And that’s what we did.
I don’t deny I feel a mix of anger and ridicule while recounting this story now: anger at how much I was made to feel frightened and terrified over an incident that now seems to me so silly; and ridicule when I think that, given the numbers of LGBTQ people spread all over the world, the Throne of the Merciful must since Ancient Greek times have transformed into a rocking chair. But this is all now. At the time, and for more than twelve years afterward, I felt only my self-hatred deepening and expanding, and my fevered endeavor to kill the insect inside me growing more difficult and violent, until I eventually reached the true edge of the abyss: the edge of death.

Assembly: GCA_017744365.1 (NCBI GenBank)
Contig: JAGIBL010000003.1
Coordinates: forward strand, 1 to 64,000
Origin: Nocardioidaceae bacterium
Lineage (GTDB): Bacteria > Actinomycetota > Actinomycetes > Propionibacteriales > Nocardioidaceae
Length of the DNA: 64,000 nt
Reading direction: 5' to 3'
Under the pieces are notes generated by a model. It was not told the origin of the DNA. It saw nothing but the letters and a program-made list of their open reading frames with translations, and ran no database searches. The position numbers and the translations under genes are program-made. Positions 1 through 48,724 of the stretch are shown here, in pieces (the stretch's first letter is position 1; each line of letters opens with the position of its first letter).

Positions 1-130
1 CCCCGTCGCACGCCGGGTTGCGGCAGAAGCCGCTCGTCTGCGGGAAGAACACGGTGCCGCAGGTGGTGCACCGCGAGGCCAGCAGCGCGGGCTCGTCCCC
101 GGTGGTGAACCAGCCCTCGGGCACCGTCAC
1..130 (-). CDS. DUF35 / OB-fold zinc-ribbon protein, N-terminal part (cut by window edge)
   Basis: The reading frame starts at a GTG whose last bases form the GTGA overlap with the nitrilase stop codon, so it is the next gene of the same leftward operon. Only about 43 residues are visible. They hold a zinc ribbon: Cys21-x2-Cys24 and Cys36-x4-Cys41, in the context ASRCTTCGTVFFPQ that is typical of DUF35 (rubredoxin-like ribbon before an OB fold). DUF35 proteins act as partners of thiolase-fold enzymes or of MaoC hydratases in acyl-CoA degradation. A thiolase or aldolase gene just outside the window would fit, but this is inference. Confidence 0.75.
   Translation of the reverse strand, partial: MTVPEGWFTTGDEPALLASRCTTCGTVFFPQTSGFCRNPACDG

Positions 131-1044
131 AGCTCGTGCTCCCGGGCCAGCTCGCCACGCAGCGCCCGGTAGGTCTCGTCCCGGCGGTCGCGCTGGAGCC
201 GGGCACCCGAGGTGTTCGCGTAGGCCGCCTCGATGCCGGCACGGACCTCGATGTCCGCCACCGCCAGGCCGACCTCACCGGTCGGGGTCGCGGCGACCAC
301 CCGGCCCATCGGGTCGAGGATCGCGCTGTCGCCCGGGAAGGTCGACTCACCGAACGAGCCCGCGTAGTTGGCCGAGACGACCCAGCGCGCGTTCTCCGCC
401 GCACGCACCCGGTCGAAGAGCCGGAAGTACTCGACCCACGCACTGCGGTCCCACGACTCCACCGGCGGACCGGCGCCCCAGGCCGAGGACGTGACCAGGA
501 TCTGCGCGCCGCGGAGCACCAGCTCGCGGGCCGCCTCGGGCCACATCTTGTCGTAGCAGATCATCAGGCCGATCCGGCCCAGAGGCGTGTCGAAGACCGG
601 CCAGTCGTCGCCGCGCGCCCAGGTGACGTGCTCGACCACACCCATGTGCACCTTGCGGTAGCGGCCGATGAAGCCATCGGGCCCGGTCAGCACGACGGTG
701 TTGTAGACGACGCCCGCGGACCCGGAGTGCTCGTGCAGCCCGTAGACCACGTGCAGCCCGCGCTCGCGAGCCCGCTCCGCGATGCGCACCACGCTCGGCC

The most feeble-minded homophobes—those whose hetero privilege shows in their feeling no compulsion to think about the issue before expressing Nazi-like judgments—believe that we came from nothing: that we don’t have families we love and fear for; nor a society which is theirs too, many of whose values and ideas we’ve absorbed, consciously and unconsciously; nor a diverse and extremely old history. They believe we aren’t divided, as all humans are, been rich and poor, men and women, globalized and local, believers and atheists, courageous radicals and timid conservatives: instead we’re a uniform bloc, a passing fad, a fleeting joke, fiends who’ve “chosen” to express their sexual desires in ways incompatible with God, “nature,” and society, for their own wicked aims.